Feeding a growing planet will be harder because people are getting bigger
News | 12.11.2018
As the global human population swells to a projected 9 billion-plus by 2050, the physical size of the average human body will also increase, adding an extra challenge when tackling the spread of global hunger and making projections of future food needs.
Researchers at the Norwegian University of Science and Technology say previous forecasts and calculations typically factored in an average adult whose food needs remain consistent over time. “These assumptions can lead to errors in assessing how much food we’ll actually need to meet future demand,” the researchers say in a statement. “Based on the discovered trends, feeding 9 billion people in 2050 will require significantly more total calories than feeding the same people today.”
In a new study, published in the journal Sustainability, the scientists analyzed changes in the populations of 186 countries between 1975 and 2014, based on United Nation’s data. Overall, their work showed that people got heavier and taller over time, which changed the number of calories the average person needed to sustain themselves. Between those years, the average adult got 14% heavier, 1.3% taller, and required 6.1% more energy, the study shows. In 1975, the average person consumed 2,465 calories per day. By 2014, that number grew to 2,615.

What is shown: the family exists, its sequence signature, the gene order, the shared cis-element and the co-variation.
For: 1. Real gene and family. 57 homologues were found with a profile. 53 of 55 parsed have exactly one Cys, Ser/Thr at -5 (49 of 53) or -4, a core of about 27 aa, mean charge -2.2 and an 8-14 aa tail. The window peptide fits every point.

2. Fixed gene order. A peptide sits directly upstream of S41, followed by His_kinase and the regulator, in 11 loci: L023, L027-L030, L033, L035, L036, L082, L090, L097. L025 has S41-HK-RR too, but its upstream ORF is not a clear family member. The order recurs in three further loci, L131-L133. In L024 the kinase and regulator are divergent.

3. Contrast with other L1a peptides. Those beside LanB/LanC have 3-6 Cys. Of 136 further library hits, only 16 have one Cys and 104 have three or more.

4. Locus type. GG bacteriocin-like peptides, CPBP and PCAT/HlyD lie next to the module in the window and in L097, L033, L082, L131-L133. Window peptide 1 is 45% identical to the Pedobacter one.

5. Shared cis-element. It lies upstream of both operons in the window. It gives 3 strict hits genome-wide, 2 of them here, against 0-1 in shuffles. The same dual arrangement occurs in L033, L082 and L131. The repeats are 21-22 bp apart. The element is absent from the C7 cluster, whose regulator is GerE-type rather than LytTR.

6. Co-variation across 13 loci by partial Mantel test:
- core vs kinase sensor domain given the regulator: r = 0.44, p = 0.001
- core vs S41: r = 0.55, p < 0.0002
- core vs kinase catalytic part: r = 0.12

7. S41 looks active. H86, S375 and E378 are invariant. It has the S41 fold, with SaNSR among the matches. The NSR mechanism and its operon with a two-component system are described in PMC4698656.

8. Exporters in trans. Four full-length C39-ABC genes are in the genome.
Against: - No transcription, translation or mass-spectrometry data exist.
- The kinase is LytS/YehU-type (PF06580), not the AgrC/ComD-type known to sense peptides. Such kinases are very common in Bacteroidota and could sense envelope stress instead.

Across that same time span, the average amount of food people ate increased by 129%. The researchers calculated that shear population growth accounted for about 116 of those percentage points, while increases in weight and height tacked on the extra 15 percentage points. An aging population subtracted about two percentage points because older people tend to eat less.
The researchers found an added layer of complexity when looking at populations from individual nations. According to their work, the average person from Tonga weighs 205 pounds (93kg). Meanwhile, the average Vietnamese citizen weights about 114 pounds (52kg). Also, they found that the average person’s weight in some countries is changing more quickly than in others. The disparities suggest that the food needs for each country have been, and will continue to be different.
Consistently, though, across the planet, countries experienced an increase in food energy demand due to the size of the average person. Of course, the researchers’ 39-year snapshot is just that, a snapshot. The work does not reach further back in history to create a more historical charting of human weight and height changes.